The Entertainment Industry is Taking a Stand on BLM

Hattie McDaniel, Vivien Leigh, and Olivia de Havilland in "Gone With the Wond"

Amidst all the racial injustice happening across the country, people are trying their best to re-examine their way of life and what they can do to make the world a better, safer place for all. Like the rest of the world, the entertainment industry is trying to do their part in supporting the Black Lives Matter moment and it starts from the messages portrayed in the media regarding social equality and the role of law enforcement. It comes as no surprise that many people’s view of the way society is supposed to function and the way the world works comes from the portrayal of people of color and cops in television and movies, and a lot of times they are shown in heavily stereotyped, inaccurate ways that are just offensive.

One film that’s considered a classic and has won several Oscars including best picture, glorifies slavery and negative stereotypes of Black people, Gone With The Wind, has been removed from HBO this past week following protests over the death of George Floyd. The film was released in 1939 and tells the love story of southern aristocrats Scarlett O’Hara (Vivien Leight) and Rhett Butler (Clark Gable) and it takes place in the American South on a plantation in the aftermath of the Civil War.

Gone With The Wind is a product of its time and depicts some of the ethnic and racial prejudices that have, unfortunately, been commonplace in American society. These racist depictions were wrong then and are wrong today, and we felt that to keep this title up without an explanation and a denouncement of those depictions would be irresponsible,” an HBO Max spokesperson told Variety. The film is set to eventually return to the platform but with a discussion about its historical context and a denouncement of the racist portrayals.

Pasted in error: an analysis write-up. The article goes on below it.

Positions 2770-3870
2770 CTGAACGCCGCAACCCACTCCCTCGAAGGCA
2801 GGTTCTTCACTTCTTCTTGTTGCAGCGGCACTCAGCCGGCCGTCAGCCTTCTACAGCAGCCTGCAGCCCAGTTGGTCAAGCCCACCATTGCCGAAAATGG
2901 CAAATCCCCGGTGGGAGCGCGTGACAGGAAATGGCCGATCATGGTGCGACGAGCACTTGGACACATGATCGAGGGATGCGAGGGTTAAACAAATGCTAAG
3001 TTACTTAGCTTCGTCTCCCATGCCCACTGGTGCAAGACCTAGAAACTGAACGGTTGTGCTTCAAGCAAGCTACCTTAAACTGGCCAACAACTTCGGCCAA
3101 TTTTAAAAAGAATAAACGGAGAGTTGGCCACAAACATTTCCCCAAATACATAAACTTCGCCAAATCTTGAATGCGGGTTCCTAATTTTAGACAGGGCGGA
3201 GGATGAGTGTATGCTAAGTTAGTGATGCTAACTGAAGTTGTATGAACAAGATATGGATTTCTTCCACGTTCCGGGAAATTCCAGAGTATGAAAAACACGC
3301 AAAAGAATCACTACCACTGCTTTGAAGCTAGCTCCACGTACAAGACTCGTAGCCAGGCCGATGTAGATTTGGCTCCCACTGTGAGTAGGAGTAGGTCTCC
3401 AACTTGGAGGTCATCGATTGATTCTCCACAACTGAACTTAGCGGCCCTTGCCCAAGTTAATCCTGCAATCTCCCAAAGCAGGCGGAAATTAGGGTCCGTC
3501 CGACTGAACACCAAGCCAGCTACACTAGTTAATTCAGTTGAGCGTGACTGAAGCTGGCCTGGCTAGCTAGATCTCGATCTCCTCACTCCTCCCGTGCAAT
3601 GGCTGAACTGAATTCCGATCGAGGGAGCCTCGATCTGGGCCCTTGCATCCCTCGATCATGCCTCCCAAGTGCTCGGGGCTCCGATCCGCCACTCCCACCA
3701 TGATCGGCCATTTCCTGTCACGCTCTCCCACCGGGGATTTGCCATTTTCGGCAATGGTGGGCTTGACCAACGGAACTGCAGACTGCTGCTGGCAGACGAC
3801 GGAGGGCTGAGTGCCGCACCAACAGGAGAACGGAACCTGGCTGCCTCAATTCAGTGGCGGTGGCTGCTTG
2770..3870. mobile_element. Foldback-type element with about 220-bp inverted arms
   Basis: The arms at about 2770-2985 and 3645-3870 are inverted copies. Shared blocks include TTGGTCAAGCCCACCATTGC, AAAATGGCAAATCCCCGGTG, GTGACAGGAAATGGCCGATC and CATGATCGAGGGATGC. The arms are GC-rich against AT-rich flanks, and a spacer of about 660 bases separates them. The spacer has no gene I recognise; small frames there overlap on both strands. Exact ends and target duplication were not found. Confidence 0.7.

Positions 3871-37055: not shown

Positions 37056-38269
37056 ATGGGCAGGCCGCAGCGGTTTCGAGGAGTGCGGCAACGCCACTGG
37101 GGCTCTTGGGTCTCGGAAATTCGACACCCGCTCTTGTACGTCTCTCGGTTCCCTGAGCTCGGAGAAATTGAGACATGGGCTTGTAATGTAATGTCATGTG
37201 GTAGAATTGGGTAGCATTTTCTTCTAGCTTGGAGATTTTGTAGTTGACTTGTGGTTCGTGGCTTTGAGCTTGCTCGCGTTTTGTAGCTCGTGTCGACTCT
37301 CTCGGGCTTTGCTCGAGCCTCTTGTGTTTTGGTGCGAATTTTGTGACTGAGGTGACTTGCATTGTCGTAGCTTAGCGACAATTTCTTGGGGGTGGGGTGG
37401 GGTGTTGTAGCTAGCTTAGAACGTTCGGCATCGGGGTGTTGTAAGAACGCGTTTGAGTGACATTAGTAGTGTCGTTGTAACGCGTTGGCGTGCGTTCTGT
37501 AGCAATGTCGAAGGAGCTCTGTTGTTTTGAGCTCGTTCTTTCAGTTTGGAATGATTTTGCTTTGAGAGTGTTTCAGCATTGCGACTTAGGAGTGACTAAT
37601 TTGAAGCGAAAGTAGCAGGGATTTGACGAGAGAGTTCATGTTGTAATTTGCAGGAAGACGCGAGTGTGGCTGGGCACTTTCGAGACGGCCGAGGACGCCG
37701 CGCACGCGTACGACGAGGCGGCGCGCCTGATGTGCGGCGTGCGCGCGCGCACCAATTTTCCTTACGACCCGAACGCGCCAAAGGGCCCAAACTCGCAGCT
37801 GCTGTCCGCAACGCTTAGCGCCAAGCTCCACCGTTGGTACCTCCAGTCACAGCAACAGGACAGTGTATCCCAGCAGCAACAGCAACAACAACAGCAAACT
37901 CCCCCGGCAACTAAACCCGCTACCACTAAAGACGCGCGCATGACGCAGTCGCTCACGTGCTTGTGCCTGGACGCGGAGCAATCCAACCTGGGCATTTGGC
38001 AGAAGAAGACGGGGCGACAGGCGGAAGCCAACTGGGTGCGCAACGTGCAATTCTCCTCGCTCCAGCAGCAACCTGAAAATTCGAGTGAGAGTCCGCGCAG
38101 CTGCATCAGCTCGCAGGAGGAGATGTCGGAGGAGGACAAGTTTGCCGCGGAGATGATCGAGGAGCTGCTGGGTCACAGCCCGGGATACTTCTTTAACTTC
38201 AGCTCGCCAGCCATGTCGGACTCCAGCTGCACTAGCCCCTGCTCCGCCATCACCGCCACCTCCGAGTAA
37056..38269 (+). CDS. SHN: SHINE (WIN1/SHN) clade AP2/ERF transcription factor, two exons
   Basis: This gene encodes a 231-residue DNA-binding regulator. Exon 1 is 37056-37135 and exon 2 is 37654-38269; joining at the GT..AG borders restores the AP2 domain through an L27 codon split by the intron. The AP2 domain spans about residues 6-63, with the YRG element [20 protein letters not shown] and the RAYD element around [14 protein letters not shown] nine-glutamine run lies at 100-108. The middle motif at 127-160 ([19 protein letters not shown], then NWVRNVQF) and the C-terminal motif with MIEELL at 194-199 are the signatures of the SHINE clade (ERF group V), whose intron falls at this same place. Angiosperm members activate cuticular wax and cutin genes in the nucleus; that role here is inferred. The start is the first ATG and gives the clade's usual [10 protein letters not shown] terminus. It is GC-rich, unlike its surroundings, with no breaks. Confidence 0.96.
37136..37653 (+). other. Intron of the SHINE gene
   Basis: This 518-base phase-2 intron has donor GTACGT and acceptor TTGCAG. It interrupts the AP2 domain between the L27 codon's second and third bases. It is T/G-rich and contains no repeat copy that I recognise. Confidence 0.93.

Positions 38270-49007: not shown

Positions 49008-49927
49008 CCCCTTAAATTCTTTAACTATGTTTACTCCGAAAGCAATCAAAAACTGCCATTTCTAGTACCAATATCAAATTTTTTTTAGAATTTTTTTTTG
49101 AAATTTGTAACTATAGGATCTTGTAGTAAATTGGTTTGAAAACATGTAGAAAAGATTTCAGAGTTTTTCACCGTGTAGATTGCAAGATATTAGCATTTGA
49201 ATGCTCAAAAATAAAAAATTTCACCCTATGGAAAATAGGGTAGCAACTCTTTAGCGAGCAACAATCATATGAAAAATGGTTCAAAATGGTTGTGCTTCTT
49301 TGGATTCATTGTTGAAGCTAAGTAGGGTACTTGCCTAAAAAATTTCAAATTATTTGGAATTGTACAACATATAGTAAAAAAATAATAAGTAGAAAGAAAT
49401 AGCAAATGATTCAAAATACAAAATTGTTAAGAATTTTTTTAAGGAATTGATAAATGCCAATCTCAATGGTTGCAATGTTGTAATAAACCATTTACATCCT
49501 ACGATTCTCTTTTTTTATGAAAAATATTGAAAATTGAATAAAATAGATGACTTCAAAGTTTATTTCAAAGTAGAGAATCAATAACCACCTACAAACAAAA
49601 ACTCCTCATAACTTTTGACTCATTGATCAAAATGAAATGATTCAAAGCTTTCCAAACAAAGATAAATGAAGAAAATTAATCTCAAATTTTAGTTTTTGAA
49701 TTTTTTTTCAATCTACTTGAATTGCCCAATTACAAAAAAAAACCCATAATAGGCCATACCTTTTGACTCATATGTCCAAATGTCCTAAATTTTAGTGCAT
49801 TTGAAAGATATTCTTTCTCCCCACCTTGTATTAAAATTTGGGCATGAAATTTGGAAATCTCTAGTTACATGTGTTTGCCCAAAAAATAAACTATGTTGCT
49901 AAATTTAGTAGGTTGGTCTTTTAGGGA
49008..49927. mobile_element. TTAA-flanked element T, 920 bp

But, it’s not just Old Hollywood films that have been affected by what’s going on around the country, Paramount Network has canceled the long-running television show Cops and Netflix, BBC iPlayer, and BritBox have removed Little Britain from their platforms. Cops debuted in 1989 on Fox and moved to Paramount Network (formally known as Spike TV) in 2013. Over the past few years, the show has been under fire for its depiction of law enforcement and what goes on behind the scenes. “‘Cops’ is not on the Paramount Network and we don’t have any current or future plans for it to return,” a Paramount Network spokesperson said in a statement.

The comedy series Little Britain and the comedians’ airports mockumentary Come Fly With Me were removed from networks after characters used blackface to portray different ethnic backgrounds. Star Matt Lucas regrets playing Black characters on the show, “I wouldn’t make that show now. It would upset people. We made a more cruel kind of comedy than I’d do now,” he told Big Issue in 2017.